I very recently ran into a concept that I guess I always knew at some level, but had never heard anyone actually articulate before, and I’m a bit stunned by that fact.
I going to spend some time processing this idea, but in the meantime I want to share it with you and see what you think. Ready?
There is no direct connection between the outcome of our decisions and the quality of our decisions.
Let’s break that down.
It you are shown a box of candy with 90 red and 10 blue candies in it, and offered a bet on which color you will get if you grab a sweet with your eyes closed, your decision is easy. You know that if you bet on red, you have a 90% chance of winning.
If you bet on red, and get red, red was the smart decision.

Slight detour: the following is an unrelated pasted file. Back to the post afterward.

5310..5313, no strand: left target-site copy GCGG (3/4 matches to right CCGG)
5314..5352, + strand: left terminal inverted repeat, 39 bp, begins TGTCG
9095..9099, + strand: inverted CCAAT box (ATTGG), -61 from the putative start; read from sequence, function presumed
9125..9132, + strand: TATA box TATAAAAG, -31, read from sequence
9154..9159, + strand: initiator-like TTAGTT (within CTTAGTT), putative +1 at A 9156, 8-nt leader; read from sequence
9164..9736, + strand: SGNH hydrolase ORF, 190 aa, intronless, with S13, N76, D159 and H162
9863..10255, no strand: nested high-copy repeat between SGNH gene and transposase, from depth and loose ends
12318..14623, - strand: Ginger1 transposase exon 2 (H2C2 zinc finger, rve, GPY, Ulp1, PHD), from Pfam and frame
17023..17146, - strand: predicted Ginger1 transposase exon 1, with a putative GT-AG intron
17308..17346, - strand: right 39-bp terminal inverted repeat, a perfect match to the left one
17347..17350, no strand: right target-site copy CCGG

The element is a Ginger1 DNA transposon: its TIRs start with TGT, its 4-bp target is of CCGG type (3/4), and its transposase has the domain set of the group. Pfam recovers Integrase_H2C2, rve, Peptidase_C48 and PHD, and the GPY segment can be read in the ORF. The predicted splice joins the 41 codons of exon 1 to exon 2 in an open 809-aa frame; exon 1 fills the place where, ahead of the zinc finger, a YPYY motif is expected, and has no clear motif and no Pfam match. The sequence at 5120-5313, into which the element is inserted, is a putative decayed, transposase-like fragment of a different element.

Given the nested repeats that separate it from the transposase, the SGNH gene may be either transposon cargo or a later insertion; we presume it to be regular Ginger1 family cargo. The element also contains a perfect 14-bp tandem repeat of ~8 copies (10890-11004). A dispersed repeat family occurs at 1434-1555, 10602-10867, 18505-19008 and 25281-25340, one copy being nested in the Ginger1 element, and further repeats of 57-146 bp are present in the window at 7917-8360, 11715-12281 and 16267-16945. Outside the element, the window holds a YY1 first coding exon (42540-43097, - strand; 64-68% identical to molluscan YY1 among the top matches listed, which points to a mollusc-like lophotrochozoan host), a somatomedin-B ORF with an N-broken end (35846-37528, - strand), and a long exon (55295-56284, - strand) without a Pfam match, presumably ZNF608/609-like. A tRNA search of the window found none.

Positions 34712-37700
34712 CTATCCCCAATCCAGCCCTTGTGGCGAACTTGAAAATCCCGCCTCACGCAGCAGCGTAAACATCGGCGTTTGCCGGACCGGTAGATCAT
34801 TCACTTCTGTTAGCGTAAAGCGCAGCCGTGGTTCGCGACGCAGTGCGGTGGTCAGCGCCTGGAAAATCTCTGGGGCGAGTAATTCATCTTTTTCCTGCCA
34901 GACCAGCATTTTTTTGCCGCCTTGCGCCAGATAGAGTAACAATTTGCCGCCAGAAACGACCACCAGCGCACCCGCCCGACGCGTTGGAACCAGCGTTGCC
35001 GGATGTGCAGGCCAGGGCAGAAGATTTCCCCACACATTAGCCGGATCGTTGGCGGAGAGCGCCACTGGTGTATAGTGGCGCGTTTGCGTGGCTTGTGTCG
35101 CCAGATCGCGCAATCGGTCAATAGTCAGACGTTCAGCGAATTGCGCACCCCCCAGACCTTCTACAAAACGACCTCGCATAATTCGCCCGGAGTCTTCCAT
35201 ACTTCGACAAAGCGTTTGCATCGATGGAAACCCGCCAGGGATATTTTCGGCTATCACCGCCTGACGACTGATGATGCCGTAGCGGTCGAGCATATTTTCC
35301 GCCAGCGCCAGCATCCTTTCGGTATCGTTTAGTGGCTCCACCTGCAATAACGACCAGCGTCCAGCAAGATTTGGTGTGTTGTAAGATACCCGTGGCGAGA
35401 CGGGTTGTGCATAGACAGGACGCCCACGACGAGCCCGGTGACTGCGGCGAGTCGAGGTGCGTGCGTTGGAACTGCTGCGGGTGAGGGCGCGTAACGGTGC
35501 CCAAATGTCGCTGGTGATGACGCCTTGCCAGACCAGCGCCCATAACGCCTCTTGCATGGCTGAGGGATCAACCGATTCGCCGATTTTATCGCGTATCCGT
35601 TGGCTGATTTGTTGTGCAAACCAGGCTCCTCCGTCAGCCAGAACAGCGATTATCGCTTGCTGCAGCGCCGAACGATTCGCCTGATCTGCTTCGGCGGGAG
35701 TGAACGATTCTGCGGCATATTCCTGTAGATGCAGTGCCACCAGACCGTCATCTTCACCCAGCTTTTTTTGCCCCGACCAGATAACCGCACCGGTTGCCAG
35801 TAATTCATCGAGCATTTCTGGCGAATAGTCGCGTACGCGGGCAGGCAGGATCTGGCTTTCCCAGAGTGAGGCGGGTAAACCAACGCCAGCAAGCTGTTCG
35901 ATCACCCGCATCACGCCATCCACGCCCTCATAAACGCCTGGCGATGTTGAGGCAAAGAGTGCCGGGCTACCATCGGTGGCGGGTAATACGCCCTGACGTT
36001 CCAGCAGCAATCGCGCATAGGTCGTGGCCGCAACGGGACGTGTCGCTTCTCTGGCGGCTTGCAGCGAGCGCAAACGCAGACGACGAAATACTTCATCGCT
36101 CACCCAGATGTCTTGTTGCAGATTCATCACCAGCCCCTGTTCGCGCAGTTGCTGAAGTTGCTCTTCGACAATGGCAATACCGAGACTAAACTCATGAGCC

If you bet on red, and get blue, red was still the smart decision.
If you pull enough candies out of the box, or toss enough coins, the smart decision will eventually pay off, because math.
But when we only get one shot at whatever it is, even if we bet on the 90% chance, or the 99.99% chance, we may still lose.
you can do your best, and things will still go wrong, because that’s how life works.
Which means that things going wrong is not necessarily a sign that we did anything wrong.
I’m still working on my thoughts about this (and reading some more books on the subject, because this is me), but I’d love to hear what you have to say. Leave a comment why dontcha?
Hi! I’m Havva Mahler, a practitioner of Chinese medicine: acupuncture, Chinese herbs, tuina, reflexology, sotai and massage and a habit change consultant. You can normally find me at my clinic in Be’er Sheva or Sderot, or reading something about health and/or motivation. If you would like to read more random health-and-wellness related ramblings sign up here to get future blog posts delivered by
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